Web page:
From the rye field and the threshing barn to the local gentry and the village court, A.N. Engelgardt's Letters painted the most lively, entertaining, and insightful portrait of Imperial Russia's rural countryside. Now translated into English for the first time, judiciously abridged, and fully annotated for the modern reader, Engelgardt's account stands revealed both as a major primary source on nineteenth-century Russia and as an ever-more-timely analysis of a peasant culture in the wake of reform.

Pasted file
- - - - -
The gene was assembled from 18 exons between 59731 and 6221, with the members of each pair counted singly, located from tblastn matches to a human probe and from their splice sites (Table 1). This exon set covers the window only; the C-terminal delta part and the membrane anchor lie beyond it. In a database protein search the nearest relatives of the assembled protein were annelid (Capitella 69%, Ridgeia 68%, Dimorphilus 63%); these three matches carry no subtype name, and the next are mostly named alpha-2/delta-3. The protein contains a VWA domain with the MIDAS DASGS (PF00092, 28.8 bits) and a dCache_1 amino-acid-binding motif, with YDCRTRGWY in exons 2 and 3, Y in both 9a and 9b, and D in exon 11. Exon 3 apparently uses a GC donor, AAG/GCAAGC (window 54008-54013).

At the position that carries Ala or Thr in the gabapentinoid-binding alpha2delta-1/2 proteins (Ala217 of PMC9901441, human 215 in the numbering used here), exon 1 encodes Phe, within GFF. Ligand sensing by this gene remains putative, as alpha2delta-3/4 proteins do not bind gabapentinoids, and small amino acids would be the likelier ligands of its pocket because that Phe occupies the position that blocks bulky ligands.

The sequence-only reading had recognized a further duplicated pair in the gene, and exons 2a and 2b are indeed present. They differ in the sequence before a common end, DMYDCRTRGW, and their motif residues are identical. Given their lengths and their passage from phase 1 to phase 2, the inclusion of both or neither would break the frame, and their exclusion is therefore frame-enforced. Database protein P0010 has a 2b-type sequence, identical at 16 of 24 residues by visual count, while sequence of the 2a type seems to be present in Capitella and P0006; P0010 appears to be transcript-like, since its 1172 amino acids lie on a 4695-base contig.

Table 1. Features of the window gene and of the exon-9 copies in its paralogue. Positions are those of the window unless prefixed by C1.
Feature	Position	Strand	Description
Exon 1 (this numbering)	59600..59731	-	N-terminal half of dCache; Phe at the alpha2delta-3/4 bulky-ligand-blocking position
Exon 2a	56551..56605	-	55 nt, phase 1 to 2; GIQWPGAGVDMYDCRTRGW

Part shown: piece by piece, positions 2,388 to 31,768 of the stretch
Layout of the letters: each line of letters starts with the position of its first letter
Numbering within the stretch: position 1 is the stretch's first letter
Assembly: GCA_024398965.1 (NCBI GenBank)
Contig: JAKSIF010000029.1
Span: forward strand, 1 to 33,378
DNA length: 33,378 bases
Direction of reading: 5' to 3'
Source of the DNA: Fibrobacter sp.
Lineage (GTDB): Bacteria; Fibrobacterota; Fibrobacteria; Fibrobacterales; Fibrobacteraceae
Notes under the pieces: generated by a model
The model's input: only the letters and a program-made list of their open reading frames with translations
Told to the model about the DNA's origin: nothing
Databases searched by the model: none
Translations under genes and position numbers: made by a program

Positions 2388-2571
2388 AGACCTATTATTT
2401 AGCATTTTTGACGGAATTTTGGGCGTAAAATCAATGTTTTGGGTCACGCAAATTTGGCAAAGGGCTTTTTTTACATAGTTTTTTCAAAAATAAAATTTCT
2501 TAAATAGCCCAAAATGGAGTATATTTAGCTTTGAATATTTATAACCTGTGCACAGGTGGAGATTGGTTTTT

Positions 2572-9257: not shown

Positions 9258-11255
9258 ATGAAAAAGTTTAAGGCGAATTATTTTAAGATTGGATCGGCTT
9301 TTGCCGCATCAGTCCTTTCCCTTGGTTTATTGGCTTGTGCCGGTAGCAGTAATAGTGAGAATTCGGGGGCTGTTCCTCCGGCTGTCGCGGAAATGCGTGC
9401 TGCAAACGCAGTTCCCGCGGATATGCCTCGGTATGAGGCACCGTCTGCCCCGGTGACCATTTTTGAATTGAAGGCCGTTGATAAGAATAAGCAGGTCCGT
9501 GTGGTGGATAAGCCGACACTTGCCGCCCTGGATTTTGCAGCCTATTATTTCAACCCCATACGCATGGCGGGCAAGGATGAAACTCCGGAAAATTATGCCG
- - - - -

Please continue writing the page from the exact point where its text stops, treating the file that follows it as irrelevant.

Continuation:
A distinguished chemist at the St. Petersburg Agricultural Institute, Engelgardt was also an eloquent spokesman for liberty and reform, especially on behalf of Russia's peasant majority. Accused of conspiratorial activities by the Tsarist government, he was exiled in 1871 to his modest estate in impoverished Smolensk province, where, under police surveillance, he wrote his Letters for publication in St. Petersburg. With scientific precision, Engelgardt produced the first comprehensive eye-witness account of the peasant's daily affairs and environment, with detailed descriptions of land reform and collectivization, reflections on the role of peasant women and the effects of emancipation, discussions of local agriculture and the economy, and vivid accounts of peasant attitudes about everything from the Russo-Turkish War to anti-semitism. With an extensive introduction and copious notes, this translation is ideal for anyone interested in Russian history and peasant studies.